Institute of Animal Nutrition and Bromatology University of Live science

Lublin, Poland

Institute of Animal Nutrition and Bromatology University of Live science

Lublin, Poland
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Kiczorowska B.,Institute of Animal Nutrition and Bromatology University of Live science | Klebaniuk R.,Institute of Animal Nutrition and Bromatology University of Live science | Bakowski M.,Institute of Animal Nutrition and Bromatology University of Live science | Al-Yasiry A.R.M.H.,Institute of Animal Nutrition and Bromatology University of Live science
Journal of Elementology | Year: 2015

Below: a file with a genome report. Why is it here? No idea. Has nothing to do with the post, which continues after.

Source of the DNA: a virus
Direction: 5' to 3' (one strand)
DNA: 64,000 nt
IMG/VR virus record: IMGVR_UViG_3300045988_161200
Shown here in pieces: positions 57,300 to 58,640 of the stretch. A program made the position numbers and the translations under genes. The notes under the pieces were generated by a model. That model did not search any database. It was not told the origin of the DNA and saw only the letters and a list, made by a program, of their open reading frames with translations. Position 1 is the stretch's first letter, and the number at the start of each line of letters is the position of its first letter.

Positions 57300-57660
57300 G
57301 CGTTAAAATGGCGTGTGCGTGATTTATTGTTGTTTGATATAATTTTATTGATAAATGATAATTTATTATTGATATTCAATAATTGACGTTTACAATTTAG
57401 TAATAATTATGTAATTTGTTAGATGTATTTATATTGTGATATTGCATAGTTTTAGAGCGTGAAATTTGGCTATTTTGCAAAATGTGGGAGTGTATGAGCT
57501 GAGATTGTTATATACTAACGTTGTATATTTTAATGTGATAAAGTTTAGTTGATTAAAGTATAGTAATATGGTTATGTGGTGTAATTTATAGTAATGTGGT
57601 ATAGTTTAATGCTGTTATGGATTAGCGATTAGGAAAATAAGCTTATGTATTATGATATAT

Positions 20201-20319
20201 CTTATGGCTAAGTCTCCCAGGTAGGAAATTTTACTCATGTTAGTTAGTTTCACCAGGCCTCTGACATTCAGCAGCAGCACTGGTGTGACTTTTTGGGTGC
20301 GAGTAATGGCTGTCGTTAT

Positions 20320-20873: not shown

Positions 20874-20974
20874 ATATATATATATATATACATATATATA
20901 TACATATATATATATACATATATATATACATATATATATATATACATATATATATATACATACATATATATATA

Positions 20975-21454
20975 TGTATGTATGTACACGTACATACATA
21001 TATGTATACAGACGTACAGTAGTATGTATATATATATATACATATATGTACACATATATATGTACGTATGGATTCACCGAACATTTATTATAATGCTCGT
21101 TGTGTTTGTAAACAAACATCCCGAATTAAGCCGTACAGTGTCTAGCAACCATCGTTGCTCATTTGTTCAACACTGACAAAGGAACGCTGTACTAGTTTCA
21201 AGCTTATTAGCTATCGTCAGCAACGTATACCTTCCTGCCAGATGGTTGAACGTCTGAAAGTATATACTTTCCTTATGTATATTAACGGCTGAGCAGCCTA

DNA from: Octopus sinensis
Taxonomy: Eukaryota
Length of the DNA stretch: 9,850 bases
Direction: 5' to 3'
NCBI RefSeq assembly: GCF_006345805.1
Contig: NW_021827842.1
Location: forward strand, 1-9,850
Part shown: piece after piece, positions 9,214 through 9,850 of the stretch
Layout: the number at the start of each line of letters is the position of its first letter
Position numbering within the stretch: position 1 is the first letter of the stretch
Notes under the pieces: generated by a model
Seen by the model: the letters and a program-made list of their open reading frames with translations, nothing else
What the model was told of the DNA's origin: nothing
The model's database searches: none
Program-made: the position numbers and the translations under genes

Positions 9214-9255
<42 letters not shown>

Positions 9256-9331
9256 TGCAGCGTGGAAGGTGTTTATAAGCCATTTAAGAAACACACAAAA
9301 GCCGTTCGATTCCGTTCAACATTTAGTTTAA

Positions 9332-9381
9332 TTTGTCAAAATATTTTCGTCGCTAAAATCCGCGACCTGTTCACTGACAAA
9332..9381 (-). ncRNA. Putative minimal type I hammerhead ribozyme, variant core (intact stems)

The content of dry matter, total protein, ether extract, crude ash and crude fibre was determined in the plant material. In addition, the BAW was calculated and the content of: Mg, Ca, K, Na, Fe, Cu, Mn and Zn was assessed. The highest (P < 0.05) concentration of nutrients in dry matter was characteristic of fennel flower and green pepper.The highest abundance of minerals in crude ash was found in lovage and marjoram (144.4-116.6 g kg-1), and of total protein – in common basil and lovage (208.8 and 185.4 g kg-1). The highest (P < 0.05) content of crude fat was determined in common juniper, nutmeg, green pepper, marjoram and rosemary (on average 17.18 g kg-1) and of fibre in coriander (107.2 g kg-1), while the highest BAW was recorded in nutmeg, white pepper and rosemary (on average 730.9 g kg-1). The % RDA and AI coverage were estimated for consumers aged 31-50, assuming that the intake of the analysed culinary herbs is equivalent to 1g per day. The herbs had highly differentiated content of the analysed minerals. Common basil contained the highest amounts (P < 0.05) of macroelements: Mg, Ca, K and Na (79.8, 1278, 2135 and 218.5 μg g-1, respectively) and microelements: Fe, Cu and Mn (26.31, 1.95 and 8.56 μg g-1, respectively). Of all the herbs, fennel flower was the most abundant (P < 0.05) source of Zn (74.53 μg g-1), while juniper and green pepper was the richest in Mg (an average content 86.8 μg g-1), marjoram and lovage – in Ca (1666 and 1041 μg g-1 respectively), and red pepper – in K (2114 μg g-1). According to calculations, the consumption of 1 g of the above herbs can cover up to approx. 0.1% of RDA (Mg, Ca,) and AI (K, Na) and up to 0.6% of RDA (Fe, Cu, Mn, Zn). © 2015, Polish Society Magnesium Research. All Rights Reserved.

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